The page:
2.50
Hdl Handle:
http://hdl.handle.net/10755/160688
Type:
Presentation
Title:
Changes in fear of falling among community dwelling older adults
Abstract:
Changes in fear of falling among community dwelling older adults
Conference Sponsor:Midwest Nursing Research Society
Conference Year:2001
Author:Lach, Helen, MSN
P.I. Institution Name:Washington University
Title:Clinical Nurse Specialist
Contact Address:4488 Forest Park Blvd., St. Louis, MO, 63108, USA
Contact Telephone:3142862702
Fear of falling is common among older adults, even those who have not experienced a fall, yet little is known about changes in fear of falling over time. The purpose of this study was to determine the prevalence and incidence of fear of falling, identify risk factors for developing fear of falling, and test if fear of falling is a moderating factor in a conceptual model of disability. The study was a secondary analysis of three annual waves of data from a longitudinal study of falls (n=600). The sample was stratefied to include two-thirds female (n=402) and equal numbers in four age groups 65 and older (mean age 75+6). Five hundred sixty-four (94%) subjects were white and 258 (43%) were married. Fear of falling increased each year from 26% to 44%; the incidence in waves 2 and 3 was 22%. Logistic regression revealed that health status, feeling unsteady and having two or more falls were independently associated with developing fear of falling after adjusting for age and gender. Path analysis revealed that fear of falling increases disability by moderating the path from functional limitation to disability in the Disablement Process.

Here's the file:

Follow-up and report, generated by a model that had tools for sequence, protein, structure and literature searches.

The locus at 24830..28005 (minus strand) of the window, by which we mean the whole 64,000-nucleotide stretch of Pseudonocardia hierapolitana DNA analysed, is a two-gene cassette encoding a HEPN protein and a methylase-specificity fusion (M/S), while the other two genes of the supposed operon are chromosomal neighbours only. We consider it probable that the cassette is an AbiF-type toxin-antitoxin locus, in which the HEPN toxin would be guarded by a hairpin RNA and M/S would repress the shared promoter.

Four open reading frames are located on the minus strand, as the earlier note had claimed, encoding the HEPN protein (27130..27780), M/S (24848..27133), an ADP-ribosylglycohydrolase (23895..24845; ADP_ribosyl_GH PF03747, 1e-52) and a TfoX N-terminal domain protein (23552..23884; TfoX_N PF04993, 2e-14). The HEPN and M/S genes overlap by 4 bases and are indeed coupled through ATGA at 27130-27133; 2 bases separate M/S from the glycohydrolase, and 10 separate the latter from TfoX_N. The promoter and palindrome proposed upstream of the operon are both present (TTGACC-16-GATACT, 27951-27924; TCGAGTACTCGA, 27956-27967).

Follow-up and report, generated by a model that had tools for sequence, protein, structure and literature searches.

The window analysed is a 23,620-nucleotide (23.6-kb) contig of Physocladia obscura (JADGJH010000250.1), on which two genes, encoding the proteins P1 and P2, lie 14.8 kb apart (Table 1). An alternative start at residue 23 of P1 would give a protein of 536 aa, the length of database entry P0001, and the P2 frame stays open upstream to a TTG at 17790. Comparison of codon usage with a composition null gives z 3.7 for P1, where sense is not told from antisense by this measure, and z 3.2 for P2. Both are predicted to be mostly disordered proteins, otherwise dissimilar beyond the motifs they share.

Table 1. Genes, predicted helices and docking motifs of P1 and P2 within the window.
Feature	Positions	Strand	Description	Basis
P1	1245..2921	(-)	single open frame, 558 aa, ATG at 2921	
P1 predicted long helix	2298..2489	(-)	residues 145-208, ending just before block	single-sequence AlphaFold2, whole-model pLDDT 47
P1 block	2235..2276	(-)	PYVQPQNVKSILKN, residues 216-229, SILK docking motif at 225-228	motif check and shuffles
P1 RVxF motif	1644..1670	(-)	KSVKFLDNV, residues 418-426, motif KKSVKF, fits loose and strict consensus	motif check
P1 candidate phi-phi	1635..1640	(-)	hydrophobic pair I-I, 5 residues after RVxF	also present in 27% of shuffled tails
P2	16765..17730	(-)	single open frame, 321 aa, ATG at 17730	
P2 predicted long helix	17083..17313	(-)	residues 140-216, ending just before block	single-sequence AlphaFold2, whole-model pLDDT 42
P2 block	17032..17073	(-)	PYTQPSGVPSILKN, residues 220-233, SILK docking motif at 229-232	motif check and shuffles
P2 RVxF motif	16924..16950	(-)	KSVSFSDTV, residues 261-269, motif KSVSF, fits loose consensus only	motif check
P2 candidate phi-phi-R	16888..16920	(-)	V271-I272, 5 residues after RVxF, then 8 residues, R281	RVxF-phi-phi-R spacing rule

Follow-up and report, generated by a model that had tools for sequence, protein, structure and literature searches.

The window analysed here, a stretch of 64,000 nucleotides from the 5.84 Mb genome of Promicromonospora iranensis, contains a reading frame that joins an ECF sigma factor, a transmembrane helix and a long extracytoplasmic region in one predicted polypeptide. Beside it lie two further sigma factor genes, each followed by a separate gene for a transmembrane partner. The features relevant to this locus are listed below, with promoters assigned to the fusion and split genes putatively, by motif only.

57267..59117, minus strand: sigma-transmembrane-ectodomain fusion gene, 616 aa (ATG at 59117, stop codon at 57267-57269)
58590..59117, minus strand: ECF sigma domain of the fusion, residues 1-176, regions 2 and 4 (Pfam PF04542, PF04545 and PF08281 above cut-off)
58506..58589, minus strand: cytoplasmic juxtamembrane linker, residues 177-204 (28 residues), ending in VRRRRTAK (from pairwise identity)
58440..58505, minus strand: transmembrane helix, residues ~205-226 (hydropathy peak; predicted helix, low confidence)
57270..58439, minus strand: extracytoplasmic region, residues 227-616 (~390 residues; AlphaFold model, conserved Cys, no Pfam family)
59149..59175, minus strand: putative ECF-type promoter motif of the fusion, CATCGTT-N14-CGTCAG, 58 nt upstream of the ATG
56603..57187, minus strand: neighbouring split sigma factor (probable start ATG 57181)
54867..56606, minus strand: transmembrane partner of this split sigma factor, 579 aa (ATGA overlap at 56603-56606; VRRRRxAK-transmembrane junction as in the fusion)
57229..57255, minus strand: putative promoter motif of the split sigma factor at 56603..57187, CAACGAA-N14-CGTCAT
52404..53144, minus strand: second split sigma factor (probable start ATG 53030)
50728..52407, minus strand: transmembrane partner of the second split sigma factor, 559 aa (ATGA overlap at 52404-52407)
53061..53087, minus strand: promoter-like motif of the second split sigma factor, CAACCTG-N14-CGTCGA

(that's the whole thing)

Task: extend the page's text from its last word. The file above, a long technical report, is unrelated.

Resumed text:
Repository Posting Date:
26-Oct-2011
Date of Publication:
17-Oct-2011
Sponsors:
Midwest Nursing Research Society

Full metadata record

DC FieldValue Language
dc.typePresentationen_GB
dc.titleChanges in fear of falling among community dwelling older adultsen_GB
dc.identifier.urihttp://hdl.handle.net/10755/160688-
dc.description.abstract<table><tr><td colspan="2" class="item-title">Changes in fear of falling among community dwelling older adults</td></tr><tr class="item-sponsor"><td class="label">Conference Sponsor:</td><td class="value">Midwest Nursing Research Society</td></tr><tr class="item-year"><td class="label">Conference Year:</td><td class="value">2001</td></tr><tr class="item-author"><td class="label">Author:</td><td class="value">Lach, Helen, MSN</td></tr><tr class="item-institute"><td class="label">P.I. Institution Name:</td><td class="value">Washington University</td></tr><tr class="item-author-title"><td class="label">Title:</td><td class="value">Clinical Nurse Specialist</td></tr><tr class="item-address"><td class="label">Contact Address:</td><td class="value">4488 Forest Park Blvd., St. Louis, MO, 63108, USA</td></tr><tr class="item-phone"><td class="label">Contact Telephone:</td><td class="value">3142862702</td></tr><tr class="item-email"><td class="label">Email:</td><td class="value">hlach@im.wustl.edu</td></tr><tr><td colspan="2" class="item-abstract">Fear of falling is common among older adults, even those who have not experienced a fall, yet little is known about changes in fear of falling over time. The purpose of this study was to determine the prevalence and incidence of fear of falling, identify risk factors for developing fear of falling, and test if fear of falling is a moderating factor in a conceptual model of disability. The study was a secondary analysis of three annual waves of data from a longitudinal study of falls (n=600). The sample was stratefied to include two-thirds female (n=402) and equal numbers in four age groups 65 and older (mean age 75+6). Five hundred sixty-four (94%) subjects were white and 258 (43%) were married. Fear of falling increased each year from 26% to 44%; the incidence in waves 2 and 3 was 22%. Logistic regression revealed that health status, feeling unsteady and having two or more falls were independently associated with developing fear of falling after adjusting for age and gender. Path analysis revealed that fear of falling increases disability by moderating the path from functional limitation to disability in the Disablement Process.</td></tr></table>en_GB
dc.date.available2011-10-26T23:09:03Z-
dc.date.issued2011-10-17en_GB
dc.date.accessioned2011-10-26T23:09:03Z-
dc.description.sponsorshipMidwest Nursing Research Societyen_GB
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